It doesn't turn much of a profit for area restaurants.
But it gives their owners an opportunity to showcase their food to local people who -- they hope -- return over and over for regularly priced meals.
Chamber Restaurant Week, put on by the Hilton Head Island-Bluffton Chamber of Commerce, begins today and runs through Feb. 2. From seafood to barbecue, Japanese to Greek fare, local restaurants promise good deals and even better food.
Restaurateurs like Brandon Arrieta, owner of Hugo's Seafood & Steakhouse, have gone into overdrive, perfecting new menu items to debut, including a flaming key lime meringue tart.
Last year, Arrieta turned away about 900 customers during the weeklong event because he didn't have enough space in the restaurant. He predicts that number will swell to about 1,100 this year. To compensate, he will, once again, offer a rain check, during which those turned away can return the following week for the special menu at the same reduced price.
"It's an opportunity to reach out to locals who are potential new customers and highlight your brand," Arrieta said. "You're going to take a profit-margin hit. There's no way around it, but it pays off over time."
While the number of customers grows, deeply discounted menu items take a bite out of the restaurants' bottom lines, he said, noting he's offering a $19.99 three-course dinner when the entrees alone ordinarily cost that much. And he's offering discounted cocktails.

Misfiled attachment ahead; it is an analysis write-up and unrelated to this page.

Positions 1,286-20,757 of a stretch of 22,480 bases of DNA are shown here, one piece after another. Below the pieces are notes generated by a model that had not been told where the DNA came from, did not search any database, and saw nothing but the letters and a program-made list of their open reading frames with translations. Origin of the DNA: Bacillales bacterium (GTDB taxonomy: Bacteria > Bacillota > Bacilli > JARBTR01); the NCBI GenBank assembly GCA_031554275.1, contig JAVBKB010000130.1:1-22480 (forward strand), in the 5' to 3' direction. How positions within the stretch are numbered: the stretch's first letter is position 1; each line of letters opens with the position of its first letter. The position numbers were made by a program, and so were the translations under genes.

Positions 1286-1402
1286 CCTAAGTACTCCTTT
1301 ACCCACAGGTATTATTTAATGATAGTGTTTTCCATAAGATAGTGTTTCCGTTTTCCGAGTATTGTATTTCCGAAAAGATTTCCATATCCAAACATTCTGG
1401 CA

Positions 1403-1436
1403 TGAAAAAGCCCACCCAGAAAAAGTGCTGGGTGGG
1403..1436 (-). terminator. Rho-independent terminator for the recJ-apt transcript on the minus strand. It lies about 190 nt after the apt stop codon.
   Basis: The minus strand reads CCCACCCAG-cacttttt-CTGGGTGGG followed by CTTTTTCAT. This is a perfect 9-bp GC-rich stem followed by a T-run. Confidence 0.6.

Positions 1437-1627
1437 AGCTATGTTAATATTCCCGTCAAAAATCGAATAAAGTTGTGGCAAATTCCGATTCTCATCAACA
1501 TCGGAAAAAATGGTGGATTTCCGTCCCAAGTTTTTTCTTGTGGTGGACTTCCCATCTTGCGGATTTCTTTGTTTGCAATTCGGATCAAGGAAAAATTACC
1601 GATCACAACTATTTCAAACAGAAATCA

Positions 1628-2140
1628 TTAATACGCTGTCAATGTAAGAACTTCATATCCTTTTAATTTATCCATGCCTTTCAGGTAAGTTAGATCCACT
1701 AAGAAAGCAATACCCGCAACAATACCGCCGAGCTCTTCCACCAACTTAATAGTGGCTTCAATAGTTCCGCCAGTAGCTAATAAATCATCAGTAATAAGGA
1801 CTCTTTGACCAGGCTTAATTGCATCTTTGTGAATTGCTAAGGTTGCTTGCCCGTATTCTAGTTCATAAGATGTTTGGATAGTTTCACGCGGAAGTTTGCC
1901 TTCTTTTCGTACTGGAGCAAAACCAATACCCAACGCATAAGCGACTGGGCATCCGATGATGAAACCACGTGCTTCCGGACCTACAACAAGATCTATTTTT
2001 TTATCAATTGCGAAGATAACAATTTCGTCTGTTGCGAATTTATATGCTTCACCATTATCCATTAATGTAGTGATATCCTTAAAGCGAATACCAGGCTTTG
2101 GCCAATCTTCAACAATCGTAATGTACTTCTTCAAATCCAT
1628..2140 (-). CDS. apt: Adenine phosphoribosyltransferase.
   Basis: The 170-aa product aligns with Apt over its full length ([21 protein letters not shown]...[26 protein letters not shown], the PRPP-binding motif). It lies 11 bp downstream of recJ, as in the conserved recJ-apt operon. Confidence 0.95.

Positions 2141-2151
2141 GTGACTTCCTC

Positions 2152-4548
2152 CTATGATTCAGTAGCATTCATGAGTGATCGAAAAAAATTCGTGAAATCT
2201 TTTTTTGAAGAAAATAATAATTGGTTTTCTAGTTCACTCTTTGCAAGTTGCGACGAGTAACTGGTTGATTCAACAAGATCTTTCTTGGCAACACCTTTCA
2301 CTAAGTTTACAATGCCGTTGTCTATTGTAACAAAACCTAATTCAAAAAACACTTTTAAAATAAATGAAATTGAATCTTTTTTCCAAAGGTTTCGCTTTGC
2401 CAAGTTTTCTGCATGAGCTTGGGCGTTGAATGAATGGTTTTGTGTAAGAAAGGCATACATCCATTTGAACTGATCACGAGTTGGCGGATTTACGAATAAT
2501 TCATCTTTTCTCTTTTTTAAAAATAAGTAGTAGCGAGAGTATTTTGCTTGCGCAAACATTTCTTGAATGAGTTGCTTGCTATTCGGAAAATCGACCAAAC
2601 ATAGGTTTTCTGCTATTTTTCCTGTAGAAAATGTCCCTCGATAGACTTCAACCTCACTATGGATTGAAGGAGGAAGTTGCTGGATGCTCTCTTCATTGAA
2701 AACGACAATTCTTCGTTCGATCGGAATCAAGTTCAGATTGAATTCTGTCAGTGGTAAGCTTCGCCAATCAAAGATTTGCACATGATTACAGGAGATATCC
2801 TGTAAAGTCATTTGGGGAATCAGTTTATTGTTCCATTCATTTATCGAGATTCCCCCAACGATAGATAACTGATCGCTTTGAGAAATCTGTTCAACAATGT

"The best part of it is all the new people who walk into your door. It's so many new faces who say, 'I've heard about this place. I've been wanting to try it out.' And it's at a nice price, so it's not as big of a gamble as it is the other times of year," he said. "It pays off over time."
This marks the fifth year the chamber has sponsored the event, which includes 71 restaurants -- the most yet.
Fashioned after similar weeks in New York City and Los Angeles, the event attempts to pump up business during the slow season when tourists aren't around.
The state of South Carolina launched its own restaurant week three years ago, while cities around the state also hold their own versions, said Pollen Williamson of the S.C. Restaurant and Lodging Association.
Hilton Head's week was one of the first.
"When we started Chamber Restaurant Week five years ago, we asked a group of restaurateurs what their slowest month of the year was, and they all spoke about the end of January traditionally being a very slow time for business," said Charlie Clark, chamber spokeswoman.